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Calculat3d: A 3D Graphing Calculator

Description

Modern curriculum requires students to purchase expensive handheld calculators, which has created a market with little competition or incentive for improvement. The purpose of this project was to create a competitive free alternative to be used outside the classroom for

Modern curriculum requires students to purchase expensive handheld calculators, which has created a market with little competition or incentive for improvement. The purpose of this project was to create a competitive free alternative to be used outside the classroom for those who do not have the economic stability to purchase, for example, a TI-82, which costs approximately $100. Calculat3d is an Android application that matches the general-purpose functionality of the TI-82, including calculations, basic statistical functions, graphing, and creating programs. Additionally, a programming language and interpreter were created so programs can be written inside Calculat3d and be used alongside calculations, thus expanding the functionality of the calculator. Graphing functionality is also included in Calculat3d but expanded to three dimensions as opposed to the two-dimension limited TI calculator.

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Date Created
2018-05

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Why Students in Computer Science Courses Cheat?

Description

The goal of this study is to equip administrators and instructors with a deeper understanding of the apparent cheating problem in Computer Science courses, with proposed solutions to lower academic dishonesty from the students’ perspective.

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Date Created
2019-05

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Privacy-guaranteed Data Collection: The Case for Efficient Resource Management of Nonprofit Organizations

Description

Through the personal experience of volunteering at ASU Project Humanities, an organization that provides resources such as clothing and toiletries to the homeless population in Downtown Phoenix, I noticed efficiently serving the needs of the homeless population is an important

Through the personal experience of volunteering at ASU Project Humanities, an organization that provides resources such as clothing and toiletries to the homeless population in Downtown Phoenix, I noticed efficiently serving the needs of the homeless population is an important endeavor, but the current processes for Phoenix nonprofits to collect data are manual, ad-hoc, and inefficient. This leads to the research question: is it possible to improve this process of collecting statistics on client needs, tracking donations, and managing resources using technology? Background research includes an interview with ASU Project Humanities, articles by analysts, and related work including case studies of current technologies in the nonprofit community. Major findings include i) a lack of centralized communication in nonprofits collecting needs, tracking surplus donations, and sharing resources, ii) privacy assurance is important to homeless individuals, and iii) pre-existing databases and technological solutions have demonstrated that technology has the ability to make an impact in the nonprofit community. To improve the process, standardization, efficiency, and automation need to increase. As a result of my analysis, the thesis proposes a prototype solution which includes two parts: an inventory database and a web application with forms for user input and tables for the user to view. This solution addresses standardization by showing a consistent way of collecting data on need requests and surplus donations while guaranteeing privacy of homeless individuals. This centralized solution also increases efficiency by connecting different agencies that cater to these clients. Lastly, the solution demonstrates the ability for resources to be made available to each organization which can increase automation. In conclusion, this database and web application has the potential to improve nonprofit organizations’ networking capabilities, resource management, and resource distribution. The percentile of homeless individuals connected to these resources is expected to increase substantially with future live testing and large-scale implementation.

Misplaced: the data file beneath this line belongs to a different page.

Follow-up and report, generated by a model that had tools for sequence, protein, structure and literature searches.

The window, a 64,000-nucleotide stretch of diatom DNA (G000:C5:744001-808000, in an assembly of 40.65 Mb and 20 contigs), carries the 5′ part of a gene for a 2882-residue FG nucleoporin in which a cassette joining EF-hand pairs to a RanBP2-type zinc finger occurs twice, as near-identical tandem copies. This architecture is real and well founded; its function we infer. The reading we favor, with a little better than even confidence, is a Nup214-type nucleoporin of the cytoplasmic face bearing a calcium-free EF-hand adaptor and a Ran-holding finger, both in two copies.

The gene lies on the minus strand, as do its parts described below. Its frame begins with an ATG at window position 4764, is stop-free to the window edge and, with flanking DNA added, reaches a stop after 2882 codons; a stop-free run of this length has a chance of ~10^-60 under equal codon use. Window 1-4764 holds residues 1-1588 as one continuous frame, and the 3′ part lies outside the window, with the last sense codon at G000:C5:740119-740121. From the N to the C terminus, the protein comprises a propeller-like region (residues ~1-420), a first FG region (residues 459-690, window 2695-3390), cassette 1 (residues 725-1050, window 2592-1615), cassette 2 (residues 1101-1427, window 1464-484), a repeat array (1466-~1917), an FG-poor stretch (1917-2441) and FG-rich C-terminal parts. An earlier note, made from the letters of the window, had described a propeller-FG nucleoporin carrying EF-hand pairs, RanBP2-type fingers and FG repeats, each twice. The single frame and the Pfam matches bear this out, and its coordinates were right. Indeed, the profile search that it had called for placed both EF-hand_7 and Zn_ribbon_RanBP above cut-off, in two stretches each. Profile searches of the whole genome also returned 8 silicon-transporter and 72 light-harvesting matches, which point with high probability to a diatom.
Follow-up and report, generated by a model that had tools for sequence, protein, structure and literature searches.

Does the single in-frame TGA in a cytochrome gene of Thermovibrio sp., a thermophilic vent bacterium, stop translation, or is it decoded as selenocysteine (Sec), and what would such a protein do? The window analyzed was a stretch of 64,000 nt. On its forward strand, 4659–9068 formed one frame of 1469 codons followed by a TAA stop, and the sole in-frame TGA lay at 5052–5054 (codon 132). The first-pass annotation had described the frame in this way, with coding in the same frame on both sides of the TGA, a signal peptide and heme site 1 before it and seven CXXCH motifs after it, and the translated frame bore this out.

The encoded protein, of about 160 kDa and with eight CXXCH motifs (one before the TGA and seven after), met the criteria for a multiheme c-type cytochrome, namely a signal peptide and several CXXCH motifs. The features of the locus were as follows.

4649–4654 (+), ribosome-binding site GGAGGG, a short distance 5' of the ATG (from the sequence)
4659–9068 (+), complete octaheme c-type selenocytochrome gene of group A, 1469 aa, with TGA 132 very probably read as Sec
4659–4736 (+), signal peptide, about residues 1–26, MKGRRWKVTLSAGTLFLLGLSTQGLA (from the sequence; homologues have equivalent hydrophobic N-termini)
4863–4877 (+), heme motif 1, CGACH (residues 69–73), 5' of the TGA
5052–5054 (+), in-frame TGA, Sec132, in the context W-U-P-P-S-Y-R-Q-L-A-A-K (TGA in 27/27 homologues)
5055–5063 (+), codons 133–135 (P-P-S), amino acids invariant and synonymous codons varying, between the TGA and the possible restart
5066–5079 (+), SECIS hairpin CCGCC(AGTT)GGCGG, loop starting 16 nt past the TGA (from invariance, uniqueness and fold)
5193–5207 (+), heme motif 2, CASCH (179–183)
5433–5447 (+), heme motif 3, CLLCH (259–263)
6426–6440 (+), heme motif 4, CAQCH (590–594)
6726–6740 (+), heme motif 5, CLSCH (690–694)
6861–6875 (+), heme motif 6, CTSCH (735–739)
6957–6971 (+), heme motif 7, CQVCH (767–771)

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2019-05

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SolPatch: Toward Automatic Vulnerability Mitigation For Ethereum Smart Contracts

Description